Conservatives now see peril of high deductibles
12/19/2013 6:10 PM
12/19/2013 6:10 PM
The revelation that many plans in the Affordable Care Act’s health insurance exchanges have high deductibles has put many of the law’s conservative opponents into a corner.
Once in favor of high deductibles, these critics of Obamacare are suddenly worried about the risk to consumers. The data show why their new position makes more sense.
In economics, the principle of moral hazard holds that people who have insurance that is too comprehensive tend to spend more than they should, because they’re protected from the cost of their actions.
Many people, especially conservatives, believe that reversing the moral hazard can reduce health spending, because increased exposure to cost will make consumers more discriminating.
There’s some evidence for this belief.
From 1971 to 1982, the RAND Corp. conducted the largest-ever randomized controlled trial of cost-sharing. It showed that people who have plans with high out-of-pocket costs spend significantly less on healthcare.
That led conservatives to support high-deductible healthcare plans, along with health-savings accounts and increased co-pays and deductibles. Until the exchanges opened, one of the biggest complaints from conservatives was that such plans were under attack by the ACA.
Now, conservatives are worried that Obamacare is becoming a “nightmare of higher premiums and deductibles,” and that higher out-of-pocket costs will “force some to finance the costs of their care, a financially risky choice.”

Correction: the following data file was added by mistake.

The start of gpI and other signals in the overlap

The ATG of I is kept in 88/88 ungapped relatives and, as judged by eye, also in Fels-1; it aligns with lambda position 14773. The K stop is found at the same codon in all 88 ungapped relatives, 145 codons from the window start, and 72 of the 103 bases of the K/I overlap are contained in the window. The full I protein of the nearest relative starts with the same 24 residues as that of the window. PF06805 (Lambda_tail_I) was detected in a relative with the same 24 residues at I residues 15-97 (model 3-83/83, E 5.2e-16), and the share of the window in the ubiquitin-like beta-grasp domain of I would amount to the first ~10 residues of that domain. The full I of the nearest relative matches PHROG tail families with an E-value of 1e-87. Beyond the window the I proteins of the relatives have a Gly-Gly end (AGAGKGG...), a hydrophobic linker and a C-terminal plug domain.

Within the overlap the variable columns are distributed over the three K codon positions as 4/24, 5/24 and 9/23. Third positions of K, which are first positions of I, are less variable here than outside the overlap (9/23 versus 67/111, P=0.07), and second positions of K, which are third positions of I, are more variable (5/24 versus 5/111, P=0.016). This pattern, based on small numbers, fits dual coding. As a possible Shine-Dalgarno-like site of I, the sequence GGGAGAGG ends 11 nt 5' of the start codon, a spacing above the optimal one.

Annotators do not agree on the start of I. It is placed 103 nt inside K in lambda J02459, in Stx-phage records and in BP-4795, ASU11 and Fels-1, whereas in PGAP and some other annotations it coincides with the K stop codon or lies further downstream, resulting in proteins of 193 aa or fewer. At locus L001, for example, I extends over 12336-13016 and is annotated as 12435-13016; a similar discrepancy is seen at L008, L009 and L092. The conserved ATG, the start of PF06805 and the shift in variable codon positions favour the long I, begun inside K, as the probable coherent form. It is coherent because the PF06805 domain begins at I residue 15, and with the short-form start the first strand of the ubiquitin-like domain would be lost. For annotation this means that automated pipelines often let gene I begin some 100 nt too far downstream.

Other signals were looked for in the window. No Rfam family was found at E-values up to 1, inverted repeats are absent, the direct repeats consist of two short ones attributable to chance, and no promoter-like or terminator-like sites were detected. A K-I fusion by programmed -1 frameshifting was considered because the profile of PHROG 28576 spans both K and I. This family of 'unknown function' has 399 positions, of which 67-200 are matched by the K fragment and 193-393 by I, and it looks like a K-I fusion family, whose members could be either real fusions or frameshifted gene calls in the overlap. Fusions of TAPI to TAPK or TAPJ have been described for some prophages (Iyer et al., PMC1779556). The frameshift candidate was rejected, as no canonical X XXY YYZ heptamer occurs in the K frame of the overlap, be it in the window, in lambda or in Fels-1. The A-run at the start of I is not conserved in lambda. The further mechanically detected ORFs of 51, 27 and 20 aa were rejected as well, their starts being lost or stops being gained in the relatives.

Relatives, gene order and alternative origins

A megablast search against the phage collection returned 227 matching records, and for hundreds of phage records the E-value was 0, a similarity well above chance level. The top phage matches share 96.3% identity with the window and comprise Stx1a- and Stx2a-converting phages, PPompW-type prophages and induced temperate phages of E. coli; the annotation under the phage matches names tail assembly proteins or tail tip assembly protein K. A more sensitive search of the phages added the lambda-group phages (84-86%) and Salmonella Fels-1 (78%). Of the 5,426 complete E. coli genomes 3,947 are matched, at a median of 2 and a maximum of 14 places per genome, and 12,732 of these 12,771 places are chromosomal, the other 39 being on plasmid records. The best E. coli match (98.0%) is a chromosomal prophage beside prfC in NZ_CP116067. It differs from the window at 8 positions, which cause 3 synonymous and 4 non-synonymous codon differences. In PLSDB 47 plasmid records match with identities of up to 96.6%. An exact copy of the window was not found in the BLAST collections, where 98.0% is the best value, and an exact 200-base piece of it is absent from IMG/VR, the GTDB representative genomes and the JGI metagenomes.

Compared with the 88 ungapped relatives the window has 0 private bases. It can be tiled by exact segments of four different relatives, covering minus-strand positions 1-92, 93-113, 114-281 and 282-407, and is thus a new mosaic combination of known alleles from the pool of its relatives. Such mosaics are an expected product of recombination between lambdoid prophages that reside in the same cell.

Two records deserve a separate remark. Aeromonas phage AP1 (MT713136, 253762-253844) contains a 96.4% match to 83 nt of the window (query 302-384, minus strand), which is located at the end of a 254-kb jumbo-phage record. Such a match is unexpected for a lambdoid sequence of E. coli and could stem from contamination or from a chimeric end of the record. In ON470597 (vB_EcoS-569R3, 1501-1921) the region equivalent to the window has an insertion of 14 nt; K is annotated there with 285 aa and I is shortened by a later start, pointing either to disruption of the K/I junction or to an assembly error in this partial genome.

It isn’t hard to think that conservatives’ newfound concern over high deductibles has more to do with their views on Obamacare than anything else.
Let’s start with RAND’s Health Insurance Experiment. That study didn’t just find that people respond to higher costs; it also showed that they sometimes respond by making bad decisions.
People who don’t have medical training can be terrible discriminators between necessary and unnecessary care. For example, poor people who had hypertension in the study had higher mortality rates, strongly suggesting that they were less likely to seek necessary care.
My own experience as a physician backs that up. I often find that patients have a difficult time getting the care they need.
Research shows that moral hazard could be helpful, if it encourages people who might otherwise not obtain needed care to do so.
It’s surprising to see those who have long disagreed with me suddenly reverse course and “fear” high deductibles.
Increased cost-sharing depends on a belief that consumers are using too much healthcare and that we need to induce them to spend less.
But we also need to make sure people aren’t skipping needed care because of cost. That seems like something liberals and conservatives finally agree on.
Aaron Carroll is a professor of pediatrics at Indiana University School of Medicine. email@example.com
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